The Ex-Mormon Factor

The Ex-Mormon Factor

A little before 10 p.m. on Wednesday, the night after Proposition 8 was approved by the voters of California, Levi Jackman Foster arrives at the Los Angeles Mormon Temple with scores of protestors after marching four miles from a rally in West Hollywood, which drew several thousand. Foster, a handsome blond, is 22, gay and angry. He’s also an ex-Mormon, the great-great-grandson of Nathaniel Tanner, one of the founders of the Church of Jesus Christ of Latter-Day Saints, and a relation to Levi Jackman, who surveyed the land where the church created its national headquarters in Salt Lake City, Utah.

“I completely abandoned the church because it abandoned me,” Foster explains on the sidewalk outside the temple on Santa Monica Boulevard. Now, he says, “Proposition 8 is tearing my family apart.”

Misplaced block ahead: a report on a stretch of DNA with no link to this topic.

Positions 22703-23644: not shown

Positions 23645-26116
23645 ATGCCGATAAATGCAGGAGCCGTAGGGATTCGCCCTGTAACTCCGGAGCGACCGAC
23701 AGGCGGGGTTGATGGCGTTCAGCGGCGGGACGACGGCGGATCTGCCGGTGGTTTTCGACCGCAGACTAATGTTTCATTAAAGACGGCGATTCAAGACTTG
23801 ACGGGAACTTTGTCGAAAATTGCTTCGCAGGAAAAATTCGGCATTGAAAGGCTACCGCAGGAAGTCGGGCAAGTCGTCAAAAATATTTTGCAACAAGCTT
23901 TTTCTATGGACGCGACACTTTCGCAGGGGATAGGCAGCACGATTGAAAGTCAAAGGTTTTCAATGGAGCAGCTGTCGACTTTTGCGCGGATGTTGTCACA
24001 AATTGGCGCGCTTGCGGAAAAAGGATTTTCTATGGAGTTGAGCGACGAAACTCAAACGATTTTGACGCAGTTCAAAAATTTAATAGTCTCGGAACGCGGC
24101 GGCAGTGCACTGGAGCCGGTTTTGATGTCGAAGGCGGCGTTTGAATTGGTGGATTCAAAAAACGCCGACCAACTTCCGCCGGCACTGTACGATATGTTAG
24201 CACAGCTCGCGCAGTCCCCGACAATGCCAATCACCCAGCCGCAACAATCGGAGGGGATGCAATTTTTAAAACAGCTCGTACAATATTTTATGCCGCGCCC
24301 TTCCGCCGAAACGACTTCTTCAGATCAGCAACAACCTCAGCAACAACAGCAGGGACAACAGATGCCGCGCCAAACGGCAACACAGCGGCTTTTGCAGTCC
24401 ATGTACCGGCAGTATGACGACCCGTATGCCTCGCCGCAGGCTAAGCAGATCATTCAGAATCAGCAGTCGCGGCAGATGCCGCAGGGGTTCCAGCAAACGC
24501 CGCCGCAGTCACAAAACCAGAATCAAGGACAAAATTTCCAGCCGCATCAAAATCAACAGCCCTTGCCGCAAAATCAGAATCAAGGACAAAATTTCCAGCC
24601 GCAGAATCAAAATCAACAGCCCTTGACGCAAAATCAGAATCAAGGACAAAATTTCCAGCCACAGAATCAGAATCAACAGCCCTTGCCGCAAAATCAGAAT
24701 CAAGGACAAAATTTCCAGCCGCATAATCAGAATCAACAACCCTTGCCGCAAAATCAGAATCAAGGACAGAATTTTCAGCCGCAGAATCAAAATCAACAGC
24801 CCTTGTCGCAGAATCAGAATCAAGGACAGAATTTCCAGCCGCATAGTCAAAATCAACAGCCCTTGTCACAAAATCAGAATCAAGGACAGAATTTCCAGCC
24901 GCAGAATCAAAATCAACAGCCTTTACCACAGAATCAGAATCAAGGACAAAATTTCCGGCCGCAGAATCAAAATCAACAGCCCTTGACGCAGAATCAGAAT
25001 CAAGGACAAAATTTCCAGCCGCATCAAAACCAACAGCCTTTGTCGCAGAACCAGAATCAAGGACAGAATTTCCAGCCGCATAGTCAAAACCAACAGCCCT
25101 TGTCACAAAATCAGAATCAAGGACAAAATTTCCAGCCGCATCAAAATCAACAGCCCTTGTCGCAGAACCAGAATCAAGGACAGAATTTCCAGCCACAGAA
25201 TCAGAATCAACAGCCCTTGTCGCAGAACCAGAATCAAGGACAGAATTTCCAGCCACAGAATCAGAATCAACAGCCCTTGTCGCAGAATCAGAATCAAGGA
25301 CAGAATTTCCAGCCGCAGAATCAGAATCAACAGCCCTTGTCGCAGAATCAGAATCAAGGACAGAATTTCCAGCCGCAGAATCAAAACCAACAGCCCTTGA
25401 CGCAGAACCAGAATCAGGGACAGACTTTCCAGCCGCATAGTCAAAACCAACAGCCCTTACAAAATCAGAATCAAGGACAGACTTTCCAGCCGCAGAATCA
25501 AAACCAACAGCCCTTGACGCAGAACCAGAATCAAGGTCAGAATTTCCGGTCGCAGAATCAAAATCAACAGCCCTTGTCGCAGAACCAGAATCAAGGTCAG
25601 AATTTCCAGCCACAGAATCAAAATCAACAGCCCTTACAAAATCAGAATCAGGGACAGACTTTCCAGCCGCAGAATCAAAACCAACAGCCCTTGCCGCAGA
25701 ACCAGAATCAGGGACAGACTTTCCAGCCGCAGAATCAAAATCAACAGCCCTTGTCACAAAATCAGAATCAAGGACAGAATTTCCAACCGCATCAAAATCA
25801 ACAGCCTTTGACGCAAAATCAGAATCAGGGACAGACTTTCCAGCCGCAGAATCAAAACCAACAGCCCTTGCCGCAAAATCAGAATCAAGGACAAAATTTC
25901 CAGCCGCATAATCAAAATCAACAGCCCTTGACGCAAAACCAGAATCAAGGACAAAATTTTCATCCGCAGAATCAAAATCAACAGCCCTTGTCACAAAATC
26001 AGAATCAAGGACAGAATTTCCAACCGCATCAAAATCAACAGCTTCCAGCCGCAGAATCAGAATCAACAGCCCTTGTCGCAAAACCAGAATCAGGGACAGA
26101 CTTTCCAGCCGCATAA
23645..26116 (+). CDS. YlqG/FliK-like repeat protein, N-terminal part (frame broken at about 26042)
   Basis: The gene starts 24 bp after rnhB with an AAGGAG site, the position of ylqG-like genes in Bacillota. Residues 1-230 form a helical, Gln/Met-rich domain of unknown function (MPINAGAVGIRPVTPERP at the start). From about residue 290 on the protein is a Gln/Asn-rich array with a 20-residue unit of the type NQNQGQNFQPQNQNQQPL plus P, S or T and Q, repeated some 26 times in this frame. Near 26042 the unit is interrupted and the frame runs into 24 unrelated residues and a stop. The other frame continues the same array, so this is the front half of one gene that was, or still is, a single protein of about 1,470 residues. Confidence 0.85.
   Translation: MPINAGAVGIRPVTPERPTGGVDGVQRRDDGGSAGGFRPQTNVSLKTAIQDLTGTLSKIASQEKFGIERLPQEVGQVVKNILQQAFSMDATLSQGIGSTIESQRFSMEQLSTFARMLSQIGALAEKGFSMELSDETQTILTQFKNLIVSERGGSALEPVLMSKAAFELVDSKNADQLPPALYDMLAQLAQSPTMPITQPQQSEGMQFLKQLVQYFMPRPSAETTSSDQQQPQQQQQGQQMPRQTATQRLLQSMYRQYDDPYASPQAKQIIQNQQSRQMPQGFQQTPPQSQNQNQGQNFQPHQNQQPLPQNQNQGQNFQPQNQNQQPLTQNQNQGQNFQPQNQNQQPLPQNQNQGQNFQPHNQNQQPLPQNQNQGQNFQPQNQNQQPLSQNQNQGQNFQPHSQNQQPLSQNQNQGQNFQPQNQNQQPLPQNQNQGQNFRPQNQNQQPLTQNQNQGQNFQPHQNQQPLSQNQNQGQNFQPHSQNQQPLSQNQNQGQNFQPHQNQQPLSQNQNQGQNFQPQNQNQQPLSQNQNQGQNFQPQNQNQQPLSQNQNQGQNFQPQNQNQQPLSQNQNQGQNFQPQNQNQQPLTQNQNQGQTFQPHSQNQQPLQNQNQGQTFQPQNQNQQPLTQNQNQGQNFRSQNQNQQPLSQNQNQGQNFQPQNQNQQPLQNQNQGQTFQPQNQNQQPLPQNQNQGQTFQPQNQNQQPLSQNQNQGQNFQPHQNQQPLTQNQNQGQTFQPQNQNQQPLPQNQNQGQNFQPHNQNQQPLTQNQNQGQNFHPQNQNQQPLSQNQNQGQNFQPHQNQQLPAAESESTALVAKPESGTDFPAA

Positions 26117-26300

Foster’s parents donated money and voted in favor of the ballot measure that eliminates the right of gays and lesbians to legally marry in California. “They weren’t going to vote on it,” Foster says, “but the church told them to, so they did. They also gave money to ‘Yes on 8’ because the church told them to do that.” Members of the Mormon church contributed tens of millions of dollars to the “Yes on 8” campaign.

“The Mormons have been oppressed minorities in the past,” Foster says, as he looks through the temple gates, “and now they’re doing the same thing to us. It’s something the church doesn’t get.”


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